Why more on your website isn’t always better

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Hey website Functionality Junkies, I’m talking to you this time.

You know who you are — if an image is on a Web page you want it animated. If we’re streaming content onto one page, you suddenly want it on 50 pages. If we create one category for content, you want 30 more.

We love your enthusiasm, really we do. But let’s find some balance between use and function.

What’s use?

Use is how we refer to the actions of people who aren’t you that view your site.

These are real humans who have lives outside of your website and are just stopping in to check on your content from time to time. They may have a variety of ways that they use your site.

Use is also a word we describe when talking about your Web site administration team. These are people who come and go, administering your site for a while along the way. Each needs to be trained, and each will forget what they were trained on as soon as they can.

What’s functionality?

Functionality is how we refer to the features offered to users. It is supposed to go hand in hand with information architecture and user research but Functionality Junkies just wing it, based on what their gut says.

If a website has too much Functionality, it can get in the way of use. Let’s say for example a site has nine categories with two subcategories. That presents 27 options for reading parts of your content. Add one more category and you have 36 options.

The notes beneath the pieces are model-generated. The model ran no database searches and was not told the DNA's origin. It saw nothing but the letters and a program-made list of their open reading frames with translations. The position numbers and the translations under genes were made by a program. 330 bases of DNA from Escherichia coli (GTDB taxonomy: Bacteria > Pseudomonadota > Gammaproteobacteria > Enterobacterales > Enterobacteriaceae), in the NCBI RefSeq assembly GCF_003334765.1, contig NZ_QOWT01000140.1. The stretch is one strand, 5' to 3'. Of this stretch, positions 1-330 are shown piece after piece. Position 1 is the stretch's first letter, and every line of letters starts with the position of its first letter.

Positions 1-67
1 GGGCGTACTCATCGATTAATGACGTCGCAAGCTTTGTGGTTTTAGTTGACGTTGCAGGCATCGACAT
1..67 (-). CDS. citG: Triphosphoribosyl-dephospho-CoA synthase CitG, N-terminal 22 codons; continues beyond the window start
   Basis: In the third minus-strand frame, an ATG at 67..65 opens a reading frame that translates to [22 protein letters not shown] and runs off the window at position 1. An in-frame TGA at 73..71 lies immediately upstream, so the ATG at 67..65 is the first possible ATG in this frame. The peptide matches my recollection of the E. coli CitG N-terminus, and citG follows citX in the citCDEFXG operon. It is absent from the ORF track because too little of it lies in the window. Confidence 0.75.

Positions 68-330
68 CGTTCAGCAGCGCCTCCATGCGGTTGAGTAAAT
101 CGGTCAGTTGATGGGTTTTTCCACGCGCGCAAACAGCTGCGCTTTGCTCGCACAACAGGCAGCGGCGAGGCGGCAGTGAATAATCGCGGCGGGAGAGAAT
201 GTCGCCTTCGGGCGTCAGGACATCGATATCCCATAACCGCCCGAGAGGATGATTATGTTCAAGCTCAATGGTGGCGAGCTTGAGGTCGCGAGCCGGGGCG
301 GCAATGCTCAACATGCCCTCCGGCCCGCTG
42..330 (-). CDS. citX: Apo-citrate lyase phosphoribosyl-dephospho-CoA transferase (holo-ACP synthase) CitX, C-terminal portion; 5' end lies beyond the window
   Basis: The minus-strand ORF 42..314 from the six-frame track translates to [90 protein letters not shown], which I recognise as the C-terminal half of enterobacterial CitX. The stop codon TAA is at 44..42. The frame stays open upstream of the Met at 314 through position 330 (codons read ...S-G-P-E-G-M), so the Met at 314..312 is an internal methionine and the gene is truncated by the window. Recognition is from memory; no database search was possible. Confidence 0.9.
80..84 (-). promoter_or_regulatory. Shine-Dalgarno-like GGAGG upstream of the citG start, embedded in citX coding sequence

When you call up your developer requesting 13 new categories (meanwhile you haven’t written any new content) you will cause your Users to read fewer pieces of content because the categories are stretched too thin. Some categories may even wind up empty because there isn’t enough content. Many categories will probably have duplicate articles, which just makes Users think you don’t know what you’re doing.

My advice to Functionality Junkies

It also means that the administrator of your website content has 36 ways to mis-categorize any new content you might develop. You will also need to spend more time training them so they understand enough to use the complex software that will allow them to mis-categorize your content. And, the more difficult your site is to administer, the more likely they are to transfer out of your division or quit.

Just relax, my friends. Users judge your site based on whether it’s useful (surprise) and not on how many buttons they can click or how often things whirl around on your home page. Create good and meaningful content, organize it in a simple, intuitive way, and users will be pleased. Conversely, if you trap them in a loop of convoluted logic and circular content delivery, they will be less pleased.

By creating clear and logical content delivery paths, keeping your articles short and sweet, and providing a pleasing visual experience, you become an Internet hero just look at the simplicity of Google or the Apple website.

Always keep in mind that simple is better than complicated. Save the fancy stuff for date night.

Marci De Vries is president of MDV Interactive, a web consulting firm in Baltimore. Reach her at marci@mdvinteractive.com.